Laurentius de Alopa, who began printing around 1484, produced Plato's Opera (in Latin) translated by M. Ficino for the first time (1484-85), and in 1494 he started printing using Greek types. Only in Anthologia Graeca Planudea does his name appear in the colophon, but he printed Euripides' Tragoediae quattuor (around 1495) and Apollonius Rhodius's Argonautica (1496), among other works.

Lucian was a Greek satiric poet and there are 28 known titles of incunabula of his works, most of which are Latin translations. The book shown here is the only original Greek text.

Rationale divinorum officiorum by Guillelmus Duranti
49.Rationale divinorum officiorum by Guillelmus Duranti
Duranti, Guillelmus. Rationale divinorum officiorum.
Vicenza: Hermannus Liechtenstein, 1478.
GW 9115. Typ.5:73/74G, Typ.6:150
Call No.YP21-85, Taf.119

Leonardus Achates was originally from Basel, and then was engaged in printing in Padua from 1472. He introduced the art of printing into Vicenza in 1474. Hermannus Liechtenstein from Cologne began printing in Vicenza in 1475 and produced almost 20 titles of incunabula by 1480. He also did some printing in Treviso around 1477. In 1482 Liechtenstein moved to Venice and printed about 20 titles of incunabula there.

W. Durandus (c.1230-1296), a church jurist, describes the laws, ceremonies and customs of the Roman Rite in Rationale divinorum officiorum, which was first printed by Fust and Schoeffer in 1459. There are 44 known editions of incunabula of this book including the one shown here.

Historia ecclesiastica by Eusebius Caesariensis
50.Historia ecclesiastica by Eusebius Caesariensis
Eusebius Caesariensis. Historia ecclesiastica.
Mantua: Johannes Schallus, [not before 15] July 1479.
GW 9437. Typ.3:112R
Call No.YP21-85, Taf.25

It is believed that the art of printing was introduced in Mantua in 1472 and that Petrus Adam de Michaelibus, a local lawyer, was the first printer in the city. Johannes Schallus of Germany printed six titles of incunabula in Mantua in 1475, and seven titles of incunabula including the one shown here are known today as his work.

There are six known editions of Historia ecclesiastica by Eusebius of Caesarea, including this one.

De claris mulieribus by Giacomo Filipo Foresti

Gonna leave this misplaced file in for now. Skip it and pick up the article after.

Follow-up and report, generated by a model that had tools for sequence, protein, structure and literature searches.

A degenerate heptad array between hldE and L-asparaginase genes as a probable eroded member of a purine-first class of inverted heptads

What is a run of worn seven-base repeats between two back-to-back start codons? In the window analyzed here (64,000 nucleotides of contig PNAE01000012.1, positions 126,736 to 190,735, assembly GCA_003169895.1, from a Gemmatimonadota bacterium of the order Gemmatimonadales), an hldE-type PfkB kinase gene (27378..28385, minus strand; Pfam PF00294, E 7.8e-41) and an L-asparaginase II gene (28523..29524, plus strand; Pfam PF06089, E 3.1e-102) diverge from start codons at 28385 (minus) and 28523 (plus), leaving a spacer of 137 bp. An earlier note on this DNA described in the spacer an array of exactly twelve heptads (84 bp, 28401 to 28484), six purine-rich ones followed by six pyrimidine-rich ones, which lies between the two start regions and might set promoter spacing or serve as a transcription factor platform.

51.De claris mulieribus by Giacomo Filipo Foresti
Jacobus Philippus de Bergamo. De claris mulieribus.
Ferrara: Laurentius de Rubeis, de Valentia, 29 Apr. 1497.
GW M10959. Typ.5:106
Call No.YP21-85, Taf.9

Andreas Belfortis from France introduced the art of printing in Ferrara in 1471. Laurentius de Rubeis who came from Valencia began printing in Ferrara in 1482 and there are 27 known titles of incunabula of his work. The book shown here is an enlarged edition of Boccaccio's De claris mulieribus which had been printed by Johann Zainer in Ulm in 1473. This enlarged edition is famous for its beautiful woodcut illustrations, as is the original edition. It bears a dedication to Beatrice of Aragon, Queen of Hungarian King Matthias Corvinus.

Giacomo Filippo Foresti (1434-1520) was an Augustine monk renowned for his written works, such as De claris mulieribus, Confessionale, and Supplementum chronicarum. Supplementum chronicarum became the basis for H. Schedel's Liber chronicarum, printed in 1493 by A. Koberger (See 24) of Nuremberg.

Epistolae et carmina by Sidonius Apollinaris
52.Epistolae et carmina by Sidonius Apollinaris
Sidonius Apollinaris. Epistolae et carmina.
Milan: Uldericus Scinzenzeler, 4 May 1498.
GW M42001. Typ.3:110/111R, Typ.10:80R
Call No.YP21-85, Taf.23

U. Scinzenzeler of Milan (See 13), a prolific printer, used Roman type when printing Roman classics and humanistic writings. U. Scinzenzeler and the other two prolific printers of Milan, A. Zarotus and I. Pachel, printed about 30% of their works by using Roman type. Among the incunabula printed independently by Scinzenzeler, 51 titles are printed in Roman type.

Sidonius Apollinaris (c.430-c.480) was a Roman aristocrat renowned for his letters and poems. Epistolae et carmina was first printed in Utrecht around 1474, and the one shown here is the second edition. Hieronymus de Asula and Johannes de Abbatibus were the publishers of this book.